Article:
• Peripheral Histories

Grazing the Limits of Provincial Philanthropy


Christine Grant


In a sand-floored forest not far from the Ukrainian town of Poltava, an icon of Stalinist pedagogy was born. The Gorky Labour Colony for homeless youth was founded in 1920 by Anton Makarenko, a former teacher who would go on to become the leading expert on Soviet education. His fictionalised account of the collective’s early years, Pedagogical Poem, became a beloved classic from its first publication in 1935. But if Makarenko claimed to be breaking new ground with his pedagogical methods, the actual land on which the colony stood bore the trace of others’ labours. The site had once belonged to the Poltava Agricultural Colony and Industrial Asylum, founded in 1891 to house and train local boys aged ten to eighteen who had run afoul of the law or lived in extreme poverty. This institution was the work of Poltava’s pre-revolutionary gentry and professional classes as they carved out a role for themselves in public life in uneasy partnership with the tsarist state.

Detainees harvest potatoes at the Gorky Labour Colony, 1921, reproduced in Anton Makarenko, The Road to Life: An Epic of Education. Moscow: Foreign Languages Publishing House, 1955.


Like reform-minded elites across the Russian Empire, these Poltavchane studied Western models and adapted them to local circumstances. Alexander II’s Great Reforms, crafted to modernise the Russian Empire while keeping autocratic rule intact, included an 1866 judicial reform that defined juvenile criminals as a special category requiring correctional education rather than harsh punishment. The reform echoed Western practice. In France the Colony of Mettray had, from the 1840s, pioneered the idea that young criminals could become honest and productive adults through moral guidance and practical training. Mettray, like its many imitators across Western Europe, was run as a philanthropic venture, financed by a combination of government allocations and private donations. In 1870, a penitentiary agricultural colony was founded in St Petersburg, and others followed in the provinces. It was not until 1891 that a group of Poltava’s notables gathered to inaugurate their own institution. They formed a voluntary association with an executive committee of civic-minded Poltava landowners, intelligentsia, and government officials; most, but not all, were men. Their remote, provincial location limited their access to resources, yet they mobilised their connections with the local authorities as well as information about Western models to create a colony that would serve local needs.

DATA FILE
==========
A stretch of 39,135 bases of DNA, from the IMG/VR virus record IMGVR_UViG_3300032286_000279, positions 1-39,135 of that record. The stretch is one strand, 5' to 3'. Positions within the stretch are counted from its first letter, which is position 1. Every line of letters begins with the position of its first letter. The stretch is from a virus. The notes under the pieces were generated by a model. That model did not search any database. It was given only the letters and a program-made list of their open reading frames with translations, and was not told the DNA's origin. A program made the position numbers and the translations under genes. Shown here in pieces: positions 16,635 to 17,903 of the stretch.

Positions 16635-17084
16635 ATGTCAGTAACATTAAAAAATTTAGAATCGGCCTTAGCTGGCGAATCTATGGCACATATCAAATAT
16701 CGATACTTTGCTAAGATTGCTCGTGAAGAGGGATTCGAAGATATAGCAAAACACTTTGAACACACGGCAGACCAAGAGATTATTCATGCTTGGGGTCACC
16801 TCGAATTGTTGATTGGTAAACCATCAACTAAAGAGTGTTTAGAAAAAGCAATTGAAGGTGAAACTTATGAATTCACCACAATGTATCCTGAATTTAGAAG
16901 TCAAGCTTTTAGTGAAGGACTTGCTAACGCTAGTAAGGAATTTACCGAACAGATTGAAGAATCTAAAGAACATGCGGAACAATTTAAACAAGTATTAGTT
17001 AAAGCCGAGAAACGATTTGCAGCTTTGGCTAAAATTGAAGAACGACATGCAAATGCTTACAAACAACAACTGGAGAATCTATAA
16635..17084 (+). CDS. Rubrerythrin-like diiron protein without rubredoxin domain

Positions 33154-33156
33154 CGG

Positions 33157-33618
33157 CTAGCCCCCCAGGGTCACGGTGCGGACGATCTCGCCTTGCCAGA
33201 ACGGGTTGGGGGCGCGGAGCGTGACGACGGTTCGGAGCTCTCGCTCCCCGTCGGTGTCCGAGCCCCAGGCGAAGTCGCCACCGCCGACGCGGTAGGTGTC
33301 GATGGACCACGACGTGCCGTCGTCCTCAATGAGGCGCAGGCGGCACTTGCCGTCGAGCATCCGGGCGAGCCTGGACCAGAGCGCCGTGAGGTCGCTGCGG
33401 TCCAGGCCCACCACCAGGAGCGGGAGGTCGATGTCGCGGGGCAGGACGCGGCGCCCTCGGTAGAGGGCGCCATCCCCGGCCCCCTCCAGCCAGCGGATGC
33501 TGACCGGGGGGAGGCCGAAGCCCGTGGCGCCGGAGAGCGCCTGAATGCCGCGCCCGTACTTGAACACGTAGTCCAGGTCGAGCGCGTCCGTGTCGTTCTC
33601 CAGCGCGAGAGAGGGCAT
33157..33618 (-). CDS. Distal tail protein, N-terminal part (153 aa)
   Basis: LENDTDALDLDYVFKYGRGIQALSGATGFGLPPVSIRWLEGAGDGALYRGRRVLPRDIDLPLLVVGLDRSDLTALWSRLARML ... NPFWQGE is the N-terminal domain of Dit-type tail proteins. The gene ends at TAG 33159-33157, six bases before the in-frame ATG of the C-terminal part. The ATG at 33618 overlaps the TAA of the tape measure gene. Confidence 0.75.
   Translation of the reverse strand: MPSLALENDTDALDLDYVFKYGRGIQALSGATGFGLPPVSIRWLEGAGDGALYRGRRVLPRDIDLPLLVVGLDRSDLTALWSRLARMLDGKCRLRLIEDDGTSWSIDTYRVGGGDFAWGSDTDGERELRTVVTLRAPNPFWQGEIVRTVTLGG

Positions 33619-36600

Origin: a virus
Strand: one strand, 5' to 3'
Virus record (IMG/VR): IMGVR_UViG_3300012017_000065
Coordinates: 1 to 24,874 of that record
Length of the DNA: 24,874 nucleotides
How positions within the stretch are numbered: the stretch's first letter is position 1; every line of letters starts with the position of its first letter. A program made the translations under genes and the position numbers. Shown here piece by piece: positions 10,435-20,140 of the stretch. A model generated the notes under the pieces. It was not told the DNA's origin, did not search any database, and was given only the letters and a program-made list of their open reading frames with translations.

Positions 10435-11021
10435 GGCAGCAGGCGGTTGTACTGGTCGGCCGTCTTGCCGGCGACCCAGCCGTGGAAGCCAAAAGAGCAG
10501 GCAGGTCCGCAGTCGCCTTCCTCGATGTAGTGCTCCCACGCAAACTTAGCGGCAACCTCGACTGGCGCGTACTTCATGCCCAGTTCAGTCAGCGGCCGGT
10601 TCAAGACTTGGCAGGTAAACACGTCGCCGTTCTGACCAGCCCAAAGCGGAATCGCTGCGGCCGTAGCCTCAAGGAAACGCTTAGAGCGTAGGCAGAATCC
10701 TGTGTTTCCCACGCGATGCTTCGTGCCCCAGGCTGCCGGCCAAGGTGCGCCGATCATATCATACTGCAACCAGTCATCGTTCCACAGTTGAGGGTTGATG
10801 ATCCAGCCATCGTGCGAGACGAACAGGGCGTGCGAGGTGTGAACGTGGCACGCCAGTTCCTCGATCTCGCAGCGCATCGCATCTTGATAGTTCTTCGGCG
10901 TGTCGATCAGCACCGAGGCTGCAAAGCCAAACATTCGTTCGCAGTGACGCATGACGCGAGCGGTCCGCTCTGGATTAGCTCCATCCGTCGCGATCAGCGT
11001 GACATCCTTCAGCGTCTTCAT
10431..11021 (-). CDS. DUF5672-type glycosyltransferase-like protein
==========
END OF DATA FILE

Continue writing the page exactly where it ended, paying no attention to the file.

The Poltava notables had to rely almost entirely on published accounts of Western practices. In comparison with the St Petersburg colony, which had benefitted from state grants to send its first co-directors on a tour of penitentiary agricultural colonies in Western Europe, and which sometimes received Western visitors, the Poltava colony was both cash-strapped and remote. The town is almost 1200 km from St Petersburg, and even today it takes a full twenty-four hours to get there by train. A few of the committee members ventured out on fact-finding missions to other colonies, but travelled only as far as the Ukrainian cities of Khar’kov, which had a rail line to Poltava, and Kiev. The colony’s patrons made up for this physical distance, however, by closely following Western debates and adhering to Western models. In 1895, the executive committee hired a land technician to draw up plans for the colony’s buildings, but then rejected them, leading the expert to quit and the colony’s establishment to be further delayed, because the plans did not conform to the ‘pavilion system.’ This was a key feature of the original Mettray model, in which boys were grouped into separate ‘families’ of up to twenty, each with a dedicated employee named ‘father of the family’, expected to show paternal care for his wards. Although the St Petersburg colony had by this time abandoned the ‘family’ system in favour of a more disciplinary regime, these provincial philanthropists cleaved to the more prestigious Western model so vividly evoked in articles and reports.[1]


The Poltava Colony exemplifies the key role played by provincial zemstvos in founding welfare institutions. The zemstvos—elected bodies responsible for certain aspects of local administration—had been created by an 1864 reform. They became a focal point for civil society, and eventually for political opposition in the late imperial period. Although an independent voluntary association ran the Poltava Colony, it depended heavily on the zemstvo for support. The association’s first president, Aleksei Zalenskii, also presided over the Poltava province zemstvo. However, the Poltava association’s privileged access to the zemstvo could provoke resentment from similar associations located in other cities in Poltava province. When the executive committee requested that the Kremenchug Society for Correctional Asylums (another voluntary association, by then defunct) hand over the 4,854 roubles it had raised to build a colony that never materialised, it received a curt refusal. Poltava, the Kremenchug Society complained, had a smaller population but far more educational and charitable institutions and ‘both the government and in particular the province zemstvo render[ed] significant assistance to Poltava for their upkeep’. Moreover, Kremenchug was a port city whose docks attracted ‘the whole mass of depraved people from almost the whole province’ in search of work, which ‘yield[ed] a new depraved generation, a heavy burden for society, and so there [was] no justification for giving the money collected in Kremenchug for an asylum to benefit the city of Poltava’. [2]